About 200 billion tonnes of carbon per year is fixed photosynthetically into the terrestrial and aquatic biomass. This amount of biomass contains 3,000 billion giga (109
) jules energy every year. It has been estimated that at present, only one seventh of the World's total energy comes from biomass and a large amount of it remains untapped.
In view of getting maximum biomass, afforestation and forest management systems will have to be developed. These must include social forestry, silviculture (short-rotation forestry) tree-use systems, coppicing system, drought, salt-, pollutant - resistant plantations and high density energy plantations (HDEP). HDEP is the practice of planting trees at close spacing. This leads to rapid growth of trees due to struggle for survival. It provides quick and high returns, and opportunities for permanent income and employment.
Therefore, annual plants should be grown to meet the demand of energy. Keeping in view the climatic and edaphic factors, plantation of deciduous trees should be encouraged, as their growth is faster than the coniferous ones. The species to be planted should have the following characters: (i)
fast growth, (ii)
stress resistance, (iii)
less palatable to cattle and other animals, (iv)
early propagable, (v)
high caloric value, (vi)
absence of deleterious volatiles when smokes come out, (vii)
high yield of biomass, and (viii)
Plantation through social forestry has been much emphasized by the Government of India to meet the demand of fuel and fodder in the rural areas. It will certainly decrease the gradually increasing pressure on the forests. This includes planting trees along road sides, canals, railway lines and waste lands in villages. Some of important plants are: Acacia nilotica, Albizia lebbek, A. procera, Anthocephalus chinensis, Azadirachta indica, Bauhinia variegata, Butea monosperma, Cassia fistula, Dalbergia sissoo, Eucalyptus globulus, E. citriodora, Ficus glomerata, Lagerstroemia speciosa, Madhuca indica, Morus alba, Populus ciliata, P. nigra, Terminalia arjuna, Toona ciliata, Salix alba and S. tetrasperma.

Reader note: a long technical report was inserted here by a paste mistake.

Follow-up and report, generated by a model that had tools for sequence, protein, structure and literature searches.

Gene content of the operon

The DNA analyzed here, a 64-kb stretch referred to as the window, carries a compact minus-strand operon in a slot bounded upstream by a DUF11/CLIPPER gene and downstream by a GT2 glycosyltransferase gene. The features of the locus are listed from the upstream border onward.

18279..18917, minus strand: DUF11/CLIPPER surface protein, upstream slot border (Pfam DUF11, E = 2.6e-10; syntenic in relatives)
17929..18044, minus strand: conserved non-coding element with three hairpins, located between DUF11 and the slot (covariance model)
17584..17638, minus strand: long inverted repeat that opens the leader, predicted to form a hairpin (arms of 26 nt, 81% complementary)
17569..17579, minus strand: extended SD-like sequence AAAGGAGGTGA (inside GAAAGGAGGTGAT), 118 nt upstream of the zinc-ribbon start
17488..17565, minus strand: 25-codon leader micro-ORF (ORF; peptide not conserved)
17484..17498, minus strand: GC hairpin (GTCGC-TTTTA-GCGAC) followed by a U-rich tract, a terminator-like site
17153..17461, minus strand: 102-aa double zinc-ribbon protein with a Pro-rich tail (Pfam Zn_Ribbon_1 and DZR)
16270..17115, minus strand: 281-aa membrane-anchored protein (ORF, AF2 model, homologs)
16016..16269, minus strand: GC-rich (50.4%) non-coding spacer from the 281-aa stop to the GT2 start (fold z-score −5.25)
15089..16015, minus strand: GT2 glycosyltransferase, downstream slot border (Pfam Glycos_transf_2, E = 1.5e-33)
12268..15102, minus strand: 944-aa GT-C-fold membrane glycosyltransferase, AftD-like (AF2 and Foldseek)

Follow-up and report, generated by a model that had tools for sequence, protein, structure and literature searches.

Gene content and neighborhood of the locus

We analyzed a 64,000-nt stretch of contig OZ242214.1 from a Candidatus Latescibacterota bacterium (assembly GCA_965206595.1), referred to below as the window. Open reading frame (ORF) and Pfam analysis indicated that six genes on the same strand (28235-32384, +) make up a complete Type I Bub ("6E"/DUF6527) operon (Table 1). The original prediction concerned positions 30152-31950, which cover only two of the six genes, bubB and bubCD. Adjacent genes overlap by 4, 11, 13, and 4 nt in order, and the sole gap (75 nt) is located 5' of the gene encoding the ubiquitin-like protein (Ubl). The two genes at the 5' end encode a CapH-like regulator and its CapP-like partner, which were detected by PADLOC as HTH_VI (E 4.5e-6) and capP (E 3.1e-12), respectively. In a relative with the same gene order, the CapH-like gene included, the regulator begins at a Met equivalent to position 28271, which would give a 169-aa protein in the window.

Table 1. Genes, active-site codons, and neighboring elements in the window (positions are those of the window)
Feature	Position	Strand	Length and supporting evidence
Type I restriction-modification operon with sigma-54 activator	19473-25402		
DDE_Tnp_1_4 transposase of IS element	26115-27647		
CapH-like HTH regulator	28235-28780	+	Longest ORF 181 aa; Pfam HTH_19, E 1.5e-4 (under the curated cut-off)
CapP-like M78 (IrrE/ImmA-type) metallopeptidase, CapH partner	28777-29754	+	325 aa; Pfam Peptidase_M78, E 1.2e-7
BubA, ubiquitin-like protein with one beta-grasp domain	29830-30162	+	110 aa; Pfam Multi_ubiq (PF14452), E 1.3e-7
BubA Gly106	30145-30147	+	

Silviculture Energy Farms (Short Rotation Forestry)
Silviculture energy farms employ techniques more similar to agriculture than forestry. The chief objective of energy plantation is to produce biomass from the selected trees and shrub species in the shortest possible time (generally 5-10 yrs) and at the minimal cost, so as to satisfy local energy needs in the decentralized manner. This would certainly relieve the pressure on the consumption of fossil fuel like kerosene and prevent the destruction of plant cover which is one of the primary components of the life support system (Khoshoo, 1988).
Advantages of Short Rotation Management
Jahn (1982) has discussed the following advantages from short rotation management from production of fuel biomass :
- High yield per unit of land area,
- Smaller land requirements for given biomass output,
- Shorter time span from initial stand establishment to harvestable crop,
- Increased labor efficiency through mechanization and other methods similar to those used in agriculture,
- Ability of most short rotation species to regenerate by coppicing; and
- Ability to take advantages of cultural and genetic advances quickly.
Therefore, production of plant-based renewable energy is a part of the dynamic agro-botany-forestry system and the need is to integrate both modern biology and culture in agriculture (Khoshoo, 1988, p. 356).